Throughout history, we have been building ourselves a brighter tomorrow at the cost of today.
“What are we to do now, mother?” my daughter-in-law Rafiza spoke softly, uncertain of the life of her unborn child as much as she was uncertain of her own. Her misty eyes, fixed on the cloudless grey sky; searched for light; for courage; for answers she knew wouldn’t help. Who had seen this coming? The brutality and the force with which the war had destroyed our lives, had vanquished the human capacity to keep faith.
Bloodshed…No – Carnage. It had caused carnage. Blood painted the roads where children once used to walk to school. Bombs had bombarded what were parks, where I had once played with my young son Iqbal, and taught him of strength. Missiles had broken roofs to bits, roofs that were once adorned with stoned chandeliers. The country was enthused with anger and fury to a point where all beyond vengeance became subordinate; anger had gobbled our beautiful nation, and left in its place a community stitched together by terror, fear and empathy for each other’s pain.
The million men who left their families – newly married wives, old mothers, dyeing fathers, beloved children, and everyday stability – to join the war had deduced their homes to houses – homes where happy husbands used to return for warmth and love, where brides had settled to build new lives, where souls had affined, where stories rested, homes which were all people had, which were all people were; houses which the war had shattered to nothing. Families crippled – every plot had a husband dead in war, a wife destitute of her honour, and an innocent child orphaned. Yet tears no longer welled up in the citizen’s eyes – there was too much fright, pain and shock to make room for grief. The war had come like a tornado – destroying and wiping away with it the roots of everything they ever knew, everything they had, everything that defined life for them.
I worked continuously on the patch of mud. My hands muddy, and sweat dripping over my head. The sound of bullets and sirens infiltrated inside us as we heard a bomb hit a nearby structure. Shards of metal fumed over us and the air grew hot. Military men marched outside the gates. Rafiza broke into bouts of tears. She shrieked with intolerable dread. “Answer me Ma! Why won’t you say anything! I wish not to die! I have another life within me. This child will be our only memory of Iqbal! Please Ma. Answer me! Tell me the war will be over! Say it for my child. Say it for your dead son’s soul!” she wailed.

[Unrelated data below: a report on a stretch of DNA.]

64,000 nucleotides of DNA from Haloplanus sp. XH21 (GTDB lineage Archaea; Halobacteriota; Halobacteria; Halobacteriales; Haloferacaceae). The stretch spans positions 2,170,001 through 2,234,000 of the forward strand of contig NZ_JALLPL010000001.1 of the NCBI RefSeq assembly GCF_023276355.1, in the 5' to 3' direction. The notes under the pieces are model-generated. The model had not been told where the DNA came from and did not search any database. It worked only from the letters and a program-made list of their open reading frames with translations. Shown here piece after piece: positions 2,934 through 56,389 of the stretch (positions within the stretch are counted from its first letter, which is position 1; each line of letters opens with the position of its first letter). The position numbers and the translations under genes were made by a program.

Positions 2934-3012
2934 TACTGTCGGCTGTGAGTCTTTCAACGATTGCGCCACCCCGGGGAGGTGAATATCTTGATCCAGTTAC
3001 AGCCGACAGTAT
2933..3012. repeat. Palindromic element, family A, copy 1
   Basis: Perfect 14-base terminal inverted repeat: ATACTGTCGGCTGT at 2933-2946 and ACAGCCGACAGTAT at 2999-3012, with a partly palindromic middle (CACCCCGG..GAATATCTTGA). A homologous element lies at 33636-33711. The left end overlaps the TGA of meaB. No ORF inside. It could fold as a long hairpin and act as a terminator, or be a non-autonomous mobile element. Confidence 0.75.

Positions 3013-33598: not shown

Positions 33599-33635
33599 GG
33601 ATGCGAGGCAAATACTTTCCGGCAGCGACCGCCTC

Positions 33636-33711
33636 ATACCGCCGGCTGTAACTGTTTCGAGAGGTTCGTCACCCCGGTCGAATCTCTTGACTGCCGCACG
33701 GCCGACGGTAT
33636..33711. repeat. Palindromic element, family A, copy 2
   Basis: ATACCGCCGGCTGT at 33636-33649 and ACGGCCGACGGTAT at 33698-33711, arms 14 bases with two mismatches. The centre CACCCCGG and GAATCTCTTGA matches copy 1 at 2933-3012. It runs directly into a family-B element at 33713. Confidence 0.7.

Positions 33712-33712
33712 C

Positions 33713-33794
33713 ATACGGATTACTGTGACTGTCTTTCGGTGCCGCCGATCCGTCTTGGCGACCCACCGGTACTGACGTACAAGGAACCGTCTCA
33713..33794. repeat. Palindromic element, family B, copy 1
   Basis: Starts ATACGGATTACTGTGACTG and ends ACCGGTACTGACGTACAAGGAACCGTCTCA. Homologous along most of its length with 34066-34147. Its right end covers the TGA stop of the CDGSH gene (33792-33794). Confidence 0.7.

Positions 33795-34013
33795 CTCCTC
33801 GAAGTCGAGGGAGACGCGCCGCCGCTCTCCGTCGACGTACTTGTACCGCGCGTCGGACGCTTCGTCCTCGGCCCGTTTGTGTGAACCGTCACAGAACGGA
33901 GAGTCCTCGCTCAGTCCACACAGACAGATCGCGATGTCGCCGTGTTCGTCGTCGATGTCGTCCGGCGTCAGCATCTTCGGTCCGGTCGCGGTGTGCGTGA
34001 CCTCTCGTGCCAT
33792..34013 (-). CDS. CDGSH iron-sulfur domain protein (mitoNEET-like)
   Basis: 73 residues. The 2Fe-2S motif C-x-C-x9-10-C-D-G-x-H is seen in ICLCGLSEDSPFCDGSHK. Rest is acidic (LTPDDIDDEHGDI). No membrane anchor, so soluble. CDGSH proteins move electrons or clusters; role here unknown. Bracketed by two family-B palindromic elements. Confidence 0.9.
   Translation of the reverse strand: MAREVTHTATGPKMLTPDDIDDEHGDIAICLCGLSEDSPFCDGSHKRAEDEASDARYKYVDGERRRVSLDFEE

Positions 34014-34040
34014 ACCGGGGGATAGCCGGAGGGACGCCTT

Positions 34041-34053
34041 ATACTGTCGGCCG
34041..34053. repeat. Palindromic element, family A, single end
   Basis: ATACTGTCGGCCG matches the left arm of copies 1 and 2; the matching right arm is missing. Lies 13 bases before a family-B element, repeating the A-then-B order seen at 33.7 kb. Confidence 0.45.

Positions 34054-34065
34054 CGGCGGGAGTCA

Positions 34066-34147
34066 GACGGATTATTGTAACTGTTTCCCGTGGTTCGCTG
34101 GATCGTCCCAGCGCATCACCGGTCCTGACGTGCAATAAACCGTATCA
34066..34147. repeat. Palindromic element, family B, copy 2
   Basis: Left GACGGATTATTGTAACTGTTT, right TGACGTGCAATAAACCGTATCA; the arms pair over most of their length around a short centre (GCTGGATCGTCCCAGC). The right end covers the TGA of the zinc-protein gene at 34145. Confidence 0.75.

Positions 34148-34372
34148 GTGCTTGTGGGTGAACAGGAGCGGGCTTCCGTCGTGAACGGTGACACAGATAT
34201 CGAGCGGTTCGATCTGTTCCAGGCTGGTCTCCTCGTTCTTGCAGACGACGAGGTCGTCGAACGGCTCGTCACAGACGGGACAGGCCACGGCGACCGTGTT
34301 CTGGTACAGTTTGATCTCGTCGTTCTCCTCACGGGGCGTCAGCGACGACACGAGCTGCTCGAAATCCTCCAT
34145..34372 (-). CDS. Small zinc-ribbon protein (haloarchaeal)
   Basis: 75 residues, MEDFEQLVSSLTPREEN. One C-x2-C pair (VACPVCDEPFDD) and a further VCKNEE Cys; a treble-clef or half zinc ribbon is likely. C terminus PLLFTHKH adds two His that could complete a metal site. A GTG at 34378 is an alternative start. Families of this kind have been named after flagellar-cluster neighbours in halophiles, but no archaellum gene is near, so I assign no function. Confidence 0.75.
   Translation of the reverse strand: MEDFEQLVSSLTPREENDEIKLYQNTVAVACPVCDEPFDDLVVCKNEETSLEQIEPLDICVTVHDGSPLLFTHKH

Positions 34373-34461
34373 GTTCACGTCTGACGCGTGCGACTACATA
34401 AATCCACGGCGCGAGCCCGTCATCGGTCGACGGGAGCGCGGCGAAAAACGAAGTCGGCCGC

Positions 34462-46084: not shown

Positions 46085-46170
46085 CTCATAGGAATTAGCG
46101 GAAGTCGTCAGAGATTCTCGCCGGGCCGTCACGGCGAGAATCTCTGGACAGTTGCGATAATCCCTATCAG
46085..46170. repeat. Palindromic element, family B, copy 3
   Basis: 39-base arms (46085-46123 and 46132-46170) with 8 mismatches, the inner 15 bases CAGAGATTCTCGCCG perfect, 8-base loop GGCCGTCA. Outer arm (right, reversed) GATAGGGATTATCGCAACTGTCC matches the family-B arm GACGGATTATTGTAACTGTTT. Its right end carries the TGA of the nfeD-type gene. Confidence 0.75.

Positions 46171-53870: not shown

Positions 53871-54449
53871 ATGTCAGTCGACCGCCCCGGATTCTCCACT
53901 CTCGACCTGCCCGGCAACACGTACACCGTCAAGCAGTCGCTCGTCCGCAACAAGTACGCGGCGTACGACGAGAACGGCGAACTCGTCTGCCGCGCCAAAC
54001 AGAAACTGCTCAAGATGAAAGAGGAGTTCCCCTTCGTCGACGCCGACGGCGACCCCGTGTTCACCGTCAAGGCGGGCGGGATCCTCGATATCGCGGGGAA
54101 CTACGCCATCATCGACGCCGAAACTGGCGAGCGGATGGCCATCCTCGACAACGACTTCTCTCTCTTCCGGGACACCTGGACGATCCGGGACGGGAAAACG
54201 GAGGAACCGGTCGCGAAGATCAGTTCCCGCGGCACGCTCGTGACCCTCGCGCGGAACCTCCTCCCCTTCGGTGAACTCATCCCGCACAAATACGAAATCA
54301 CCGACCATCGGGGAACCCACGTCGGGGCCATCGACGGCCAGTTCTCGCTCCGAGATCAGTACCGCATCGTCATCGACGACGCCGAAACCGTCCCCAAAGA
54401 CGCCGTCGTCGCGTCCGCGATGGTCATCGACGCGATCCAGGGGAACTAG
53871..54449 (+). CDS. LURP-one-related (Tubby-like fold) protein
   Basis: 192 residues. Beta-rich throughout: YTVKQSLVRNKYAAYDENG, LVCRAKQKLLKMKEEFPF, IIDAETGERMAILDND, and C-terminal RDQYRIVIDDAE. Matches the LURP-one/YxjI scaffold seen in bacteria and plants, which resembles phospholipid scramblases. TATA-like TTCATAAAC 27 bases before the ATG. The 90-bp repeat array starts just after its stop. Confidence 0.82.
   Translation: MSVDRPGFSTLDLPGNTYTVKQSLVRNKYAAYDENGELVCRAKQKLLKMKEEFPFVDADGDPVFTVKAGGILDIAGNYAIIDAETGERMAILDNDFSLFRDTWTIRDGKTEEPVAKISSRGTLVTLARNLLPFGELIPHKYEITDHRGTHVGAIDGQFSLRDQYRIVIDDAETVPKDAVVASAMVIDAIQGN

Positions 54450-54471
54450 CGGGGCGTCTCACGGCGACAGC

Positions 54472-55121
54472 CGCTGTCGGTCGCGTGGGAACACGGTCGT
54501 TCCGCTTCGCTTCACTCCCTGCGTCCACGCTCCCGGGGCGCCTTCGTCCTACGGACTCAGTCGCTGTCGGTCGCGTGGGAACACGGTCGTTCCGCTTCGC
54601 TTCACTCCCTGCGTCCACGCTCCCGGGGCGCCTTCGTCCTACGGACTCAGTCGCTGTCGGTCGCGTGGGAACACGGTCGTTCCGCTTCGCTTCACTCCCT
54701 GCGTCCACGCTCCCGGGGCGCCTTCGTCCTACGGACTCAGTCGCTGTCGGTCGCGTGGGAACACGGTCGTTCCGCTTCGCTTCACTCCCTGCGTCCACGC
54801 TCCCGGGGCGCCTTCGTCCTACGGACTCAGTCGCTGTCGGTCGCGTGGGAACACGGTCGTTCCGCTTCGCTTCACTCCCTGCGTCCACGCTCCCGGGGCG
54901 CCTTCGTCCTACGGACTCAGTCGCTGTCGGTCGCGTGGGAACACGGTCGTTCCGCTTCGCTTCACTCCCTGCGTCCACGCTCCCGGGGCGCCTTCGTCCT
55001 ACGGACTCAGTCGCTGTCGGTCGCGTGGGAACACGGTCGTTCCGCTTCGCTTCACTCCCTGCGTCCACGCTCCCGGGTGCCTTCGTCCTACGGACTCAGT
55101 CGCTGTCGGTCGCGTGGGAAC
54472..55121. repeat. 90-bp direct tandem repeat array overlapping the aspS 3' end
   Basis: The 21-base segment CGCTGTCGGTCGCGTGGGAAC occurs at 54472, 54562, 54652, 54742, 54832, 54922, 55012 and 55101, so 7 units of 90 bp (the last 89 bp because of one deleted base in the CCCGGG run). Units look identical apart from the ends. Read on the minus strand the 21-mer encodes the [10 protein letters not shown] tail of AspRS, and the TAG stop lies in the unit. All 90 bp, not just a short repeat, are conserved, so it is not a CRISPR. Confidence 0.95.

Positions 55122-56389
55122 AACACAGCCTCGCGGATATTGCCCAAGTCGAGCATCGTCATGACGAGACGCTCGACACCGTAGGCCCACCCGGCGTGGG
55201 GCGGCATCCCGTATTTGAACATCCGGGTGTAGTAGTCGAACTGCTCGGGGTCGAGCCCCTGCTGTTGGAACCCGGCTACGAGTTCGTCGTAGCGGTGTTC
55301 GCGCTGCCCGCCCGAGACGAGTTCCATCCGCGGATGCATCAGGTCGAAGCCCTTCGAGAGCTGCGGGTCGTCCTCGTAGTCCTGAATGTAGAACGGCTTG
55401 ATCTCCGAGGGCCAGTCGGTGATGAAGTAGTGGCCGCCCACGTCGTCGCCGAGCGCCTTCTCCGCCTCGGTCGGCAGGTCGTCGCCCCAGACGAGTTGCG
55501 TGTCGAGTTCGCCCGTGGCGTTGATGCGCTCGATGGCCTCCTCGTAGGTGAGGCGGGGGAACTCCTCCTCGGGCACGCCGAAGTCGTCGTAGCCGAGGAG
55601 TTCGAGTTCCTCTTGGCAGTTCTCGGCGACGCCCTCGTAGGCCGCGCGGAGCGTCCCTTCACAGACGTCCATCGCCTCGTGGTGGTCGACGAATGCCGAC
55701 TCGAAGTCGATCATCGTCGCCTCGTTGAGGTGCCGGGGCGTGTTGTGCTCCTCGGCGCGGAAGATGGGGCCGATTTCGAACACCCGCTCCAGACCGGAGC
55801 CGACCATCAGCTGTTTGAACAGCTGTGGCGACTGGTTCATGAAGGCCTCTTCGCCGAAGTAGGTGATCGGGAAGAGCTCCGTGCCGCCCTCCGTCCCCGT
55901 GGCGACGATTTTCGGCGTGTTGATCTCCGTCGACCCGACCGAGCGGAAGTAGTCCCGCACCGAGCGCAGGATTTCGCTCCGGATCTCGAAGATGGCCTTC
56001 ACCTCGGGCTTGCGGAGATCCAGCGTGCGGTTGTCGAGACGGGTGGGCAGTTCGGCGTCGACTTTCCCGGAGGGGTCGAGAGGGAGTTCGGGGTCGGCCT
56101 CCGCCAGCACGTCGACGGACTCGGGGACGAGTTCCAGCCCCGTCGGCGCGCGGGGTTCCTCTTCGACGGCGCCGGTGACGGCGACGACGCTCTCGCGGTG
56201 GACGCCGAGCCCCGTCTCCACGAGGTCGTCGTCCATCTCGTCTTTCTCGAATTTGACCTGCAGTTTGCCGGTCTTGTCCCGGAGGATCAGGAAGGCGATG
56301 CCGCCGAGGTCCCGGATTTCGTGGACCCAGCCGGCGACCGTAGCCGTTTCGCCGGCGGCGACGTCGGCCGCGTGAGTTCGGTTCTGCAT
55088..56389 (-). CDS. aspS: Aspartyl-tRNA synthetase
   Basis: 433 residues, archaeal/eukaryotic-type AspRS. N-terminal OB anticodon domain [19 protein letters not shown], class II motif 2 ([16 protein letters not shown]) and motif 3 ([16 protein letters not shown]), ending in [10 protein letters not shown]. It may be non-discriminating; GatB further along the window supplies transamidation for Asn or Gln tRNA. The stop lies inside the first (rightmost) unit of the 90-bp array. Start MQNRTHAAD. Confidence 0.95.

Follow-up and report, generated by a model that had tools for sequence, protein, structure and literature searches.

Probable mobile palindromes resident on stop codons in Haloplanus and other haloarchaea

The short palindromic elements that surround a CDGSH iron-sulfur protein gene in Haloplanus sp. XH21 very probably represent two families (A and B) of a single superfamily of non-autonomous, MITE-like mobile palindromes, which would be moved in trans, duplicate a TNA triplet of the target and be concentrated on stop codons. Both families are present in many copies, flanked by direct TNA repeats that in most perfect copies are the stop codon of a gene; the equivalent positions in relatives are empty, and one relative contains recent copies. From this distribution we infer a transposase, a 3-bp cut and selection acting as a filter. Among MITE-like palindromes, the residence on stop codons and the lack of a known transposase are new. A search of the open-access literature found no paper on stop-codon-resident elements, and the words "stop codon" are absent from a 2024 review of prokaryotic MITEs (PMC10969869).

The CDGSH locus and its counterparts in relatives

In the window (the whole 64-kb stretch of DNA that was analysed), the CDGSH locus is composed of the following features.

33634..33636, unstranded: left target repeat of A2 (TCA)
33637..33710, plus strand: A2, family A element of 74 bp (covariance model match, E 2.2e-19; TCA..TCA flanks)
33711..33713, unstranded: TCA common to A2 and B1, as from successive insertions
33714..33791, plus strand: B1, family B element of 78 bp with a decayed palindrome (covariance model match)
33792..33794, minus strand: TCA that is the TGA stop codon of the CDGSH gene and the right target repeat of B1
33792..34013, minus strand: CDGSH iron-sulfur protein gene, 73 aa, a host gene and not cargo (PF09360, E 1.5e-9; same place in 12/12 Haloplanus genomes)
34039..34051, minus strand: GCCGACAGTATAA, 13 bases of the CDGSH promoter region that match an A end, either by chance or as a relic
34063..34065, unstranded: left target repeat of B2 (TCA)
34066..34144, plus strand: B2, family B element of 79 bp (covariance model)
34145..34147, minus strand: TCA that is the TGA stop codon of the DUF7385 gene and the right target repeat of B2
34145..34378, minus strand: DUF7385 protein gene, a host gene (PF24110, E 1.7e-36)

A tear rained down my cheek.
“Why won’t you answer me Ma?! Let us run away! Let us go! Let us leave all this behind and run away!”
I got up from the patch of garden. “You know how much Iqbal loved this house?” I spoke with the calmness of the morning dew. A sparkle danced in my eyes as I lost myself into the beautiful past, for it offered refuge, if not remedy, from both the present and what it was to bring. “How much he loved the country! He could have exhausted all his life building our nation. He spent more time at his plantations than at business or with us. Here, he planted his first plant as a child. This is my freshest memory of him, and I will not let ashes take it away from me.”
“What are you saying? Why would you say something like that? What are you doing Ma?” Although the panic left her voice, her tone was intrigued and frightened like that of an abandoned child– weak.
I moved my hands away from the plant of clover. “I am planting hope.” I clenched my teeth together, trying to curb my inner turmoil, for it was larger, and more colossal than the force of this war. I kissed Rafiza’s forehead as we embraced each other and closed our eyes to the last sound of a bomb as concrete dripped around us.